Happy Labor Day!

We wish you and your loved ones a very safe, restful and enjoyable Labor Day Holiday.  Thank you for you continued loyalty and support!

Please be advised that ALL county recorders offices will be closed on Monday September 2nd in observance of Labor Day, as will Western Resources Title.

Understanding Mello-Roos

Understanding Mello-Roos

In purchasing your new home, your future monthly payments will be made up of principal, interest, real property taxes and insurance, but what is the tax for the Community Facilities District, otherwise known as a Mello–Roos District?

Q. What is a Mello-Roos District?

A. Mello-Roos District is an area where a special tax is imposed on those real property owners within a Community Facilities District. This district has chosen to seek public financing through the sale of bonds for the purpose of financing certain public improvements and services. These services may include streets, water, sewage anddrainage, electricity, infrastructure, schools, parks and police protection to newly developing areas. The tax you pay is used to make the payments of principal and interest on the bonds.

Q. What are my Mello-Roos taxes paying for?

A. Your taxes may be paying for both services and facilities. The services may be financed only to the extent of new growth, and services include: police protection, fire protection, ambulance and paramedic services, recreation program services, library services, the operation and maintenance of parks, parkways and open space, museums, cultural facilities, flood and storm protection, and services for the removal of any threatening hazardous substance.  Facilities which may be financed under the Act include: Property with an estimated useful life of five years or longer, parks, recreation facilities, parkway facilities, open-space facilities, elementary and secondary school sites and structures, libraries, child care facilities, natural gas pipeline facilities, telephone lines, facilities to transmit and distribute electrical energy, cable television lines, and others.

Q. When do I pay these taxes?

A. By purchasing an interest in a subdivision within a Community Facilities District you can expect to be assessed for a Mello-Roos tax which will typically be collected with your general property tax bill. These special tax payments are subject to the same penalties that apply to regular property taxes.

Q. How long does the tax stay in effect?

A. The tax will stay in effect until the principal and interest on the bonds are paid off along with any reasonable administrative costs incurred in collecting the special tax or so long as it is needed to pay the expenses of services, but in no case shall exceed 40 years.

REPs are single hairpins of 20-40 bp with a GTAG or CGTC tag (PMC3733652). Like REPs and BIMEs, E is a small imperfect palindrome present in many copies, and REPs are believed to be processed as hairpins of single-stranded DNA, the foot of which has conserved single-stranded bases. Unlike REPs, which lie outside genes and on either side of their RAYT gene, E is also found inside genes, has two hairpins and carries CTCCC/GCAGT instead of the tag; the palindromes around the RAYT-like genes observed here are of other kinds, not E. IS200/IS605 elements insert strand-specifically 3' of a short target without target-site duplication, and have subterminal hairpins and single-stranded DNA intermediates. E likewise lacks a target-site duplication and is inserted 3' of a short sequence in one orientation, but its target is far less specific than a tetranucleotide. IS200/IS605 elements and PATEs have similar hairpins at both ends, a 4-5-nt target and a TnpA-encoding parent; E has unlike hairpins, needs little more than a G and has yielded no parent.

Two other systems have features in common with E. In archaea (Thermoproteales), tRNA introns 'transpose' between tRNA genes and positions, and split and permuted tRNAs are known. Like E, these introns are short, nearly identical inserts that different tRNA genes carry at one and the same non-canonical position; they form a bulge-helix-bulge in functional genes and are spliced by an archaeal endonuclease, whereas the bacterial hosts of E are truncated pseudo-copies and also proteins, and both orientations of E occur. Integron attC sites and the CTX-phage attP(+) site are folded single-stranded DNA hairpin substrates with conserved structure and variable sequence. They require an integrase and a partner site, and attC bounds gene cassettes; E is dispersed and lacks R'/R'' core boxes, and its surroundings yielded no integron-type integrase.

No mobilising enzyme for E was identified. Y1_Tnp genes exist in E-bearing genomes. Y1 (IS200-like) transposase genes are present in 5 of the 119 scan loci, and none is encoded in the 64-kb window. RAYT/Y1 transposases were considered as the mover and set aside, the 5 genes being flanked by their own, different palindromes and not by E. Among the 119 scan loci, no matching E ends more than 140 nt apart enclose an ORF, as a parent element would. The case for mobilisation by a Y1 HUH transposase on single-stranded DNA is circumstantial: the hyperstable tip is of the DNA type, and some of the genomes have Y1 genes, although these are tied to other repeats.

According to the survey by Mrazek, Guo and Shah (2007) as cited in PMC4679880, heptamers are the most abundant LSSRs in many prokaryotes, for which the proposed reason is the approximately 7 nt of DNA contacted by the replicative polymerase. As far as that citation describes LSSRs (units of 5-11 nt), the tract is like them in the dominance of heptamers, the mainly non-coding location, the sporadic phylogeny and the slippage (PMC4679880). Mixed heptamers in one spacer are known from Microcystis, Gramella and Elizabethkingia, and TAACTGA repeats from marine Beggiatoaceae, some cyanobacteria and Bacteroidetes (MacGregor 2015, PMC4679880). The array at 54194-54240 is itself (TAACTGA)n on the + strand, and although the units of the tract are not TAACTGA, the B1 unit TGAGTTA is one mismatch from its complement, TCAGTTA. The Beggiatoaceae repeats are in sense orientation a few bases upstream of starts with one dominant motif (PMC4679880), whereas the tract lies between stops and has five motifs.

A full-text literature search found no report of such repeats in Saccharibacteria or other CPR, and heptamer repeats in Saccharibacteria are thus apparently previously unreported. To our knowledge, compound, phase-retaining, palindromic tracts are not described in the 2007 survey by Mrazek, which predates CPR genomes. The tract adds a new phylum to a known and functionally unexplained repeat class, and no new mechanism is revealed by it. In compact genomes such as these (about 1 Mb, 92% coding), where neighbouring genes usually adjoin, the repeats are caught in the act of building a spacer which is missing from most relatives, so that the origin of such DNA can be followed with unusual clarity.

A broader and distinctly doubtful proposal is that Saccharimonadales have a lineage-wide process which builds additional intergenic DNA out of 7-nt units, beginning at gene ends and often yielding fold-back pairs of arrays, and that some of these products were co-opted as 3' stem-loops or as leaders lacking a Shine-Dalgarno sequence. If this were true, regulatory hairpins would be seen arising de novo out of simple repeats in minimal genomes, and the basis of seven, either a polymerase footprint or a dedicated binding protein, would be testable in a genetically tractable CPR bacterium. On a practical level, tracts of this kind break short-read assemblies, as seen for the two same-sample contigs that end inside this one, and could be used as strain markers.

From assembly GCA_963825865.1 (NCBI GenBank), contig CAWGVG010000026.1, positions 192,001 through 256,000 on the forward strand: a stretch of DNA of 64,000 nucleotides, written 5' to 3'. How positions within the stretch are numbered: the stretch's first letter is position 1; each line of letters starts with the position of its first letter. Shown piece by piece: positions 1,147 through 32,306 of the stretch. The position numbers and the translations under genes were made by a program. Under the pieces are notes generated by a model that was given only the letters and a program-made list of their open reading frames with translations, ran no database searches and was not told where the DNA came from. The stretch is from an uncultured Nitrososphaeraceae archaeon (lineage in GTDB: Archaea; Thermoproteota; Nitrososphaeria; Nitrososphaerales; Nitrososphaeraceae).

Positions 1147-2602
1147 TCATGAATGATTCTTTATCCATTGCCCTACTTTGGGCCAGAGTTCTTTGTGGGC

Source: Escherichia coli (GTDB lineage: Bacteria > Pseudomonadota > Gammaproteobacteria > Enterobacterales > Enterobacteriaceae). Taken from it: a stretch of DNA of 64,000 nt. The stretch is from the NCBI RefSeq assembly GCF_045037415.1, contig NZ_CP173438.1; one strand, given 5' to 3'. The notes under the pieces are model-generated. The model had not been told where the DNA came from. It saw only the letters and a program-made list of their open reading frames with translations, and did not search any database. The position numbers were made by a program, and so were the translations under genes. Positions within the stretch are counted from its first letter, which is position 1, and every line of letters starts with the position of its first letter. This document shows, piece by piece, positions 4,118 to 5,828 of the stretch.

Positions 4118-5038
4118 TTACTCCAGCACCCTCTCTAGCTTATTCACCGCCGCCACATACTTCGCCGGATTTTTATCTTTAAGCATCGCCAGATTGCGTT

Q. How much will the Mello-Roos payment be?

A. The amount of tax may vary from year-to-year, but may not exceed the maximum amount specified when the district was created. In the case of the purchase of a new house within a subdivision, the maximum amount of the tax will be specified in the public report.

Southland Home Sales Jump in July

As seen on DQNEWS.com

Southern California home sales surged in July, rising to an eight-year high for that month as buyers found more homes for sale. The median sale price held steady with the prior month but rose nearly 26 percent from a year earlier, marking the seventh consecutive month with a year-over-year gain exceeding 20 percent, a real estate information service reported.

A total of 25,419 new and resale houses and condos sold in Los Angeles, Riverside, San Diego, Ventura, San Bernardino and Orange counties last month. That was up 17.6 percent from 21,608 sales in June, and up 23.5 percent from 20,588 sales in July 2012, according to San Diego-based DataQuick.

Last month’s sales approached a historically normal level. They were 0.5 percent below the average number of sales – 25,541 – in the month of July since 1988, when DataQuick’s statistics begin. Southland sales haven’t been above average for any particular month in more than seven years.

The median price paid for all new and resale houses and condos sold in the six-county region last month was $385,000, the same as in June and up 25.8 percent from $306,000 in July 2012. The June and July medians are the highest for any month since April 2008, when the median was also $385,000.

The median price has risen on a year-over-year basis for 16 consecutive months, with those annual gains ranging between 10.8 percent and 28.3 percent over the past 12 months. July’s median remained 23.8 percent below the peak $505,000 median in spring/summer 2007. The median fell by $256,000 from that peak to its $249,000 trough in April 2009, and it has now regained just over half – 51.8 percent – of that peak-to-trough loss.

In a sign of continued market confidence, Southern California home buyers continue to put near-record amounts of their own money into residential real estate. In July they paid a total of $5.39 billion out of their own pockets in the form of down payments or cash purchases. That was up from $5.25 billion in June and up from $3.61 billion a year ago.

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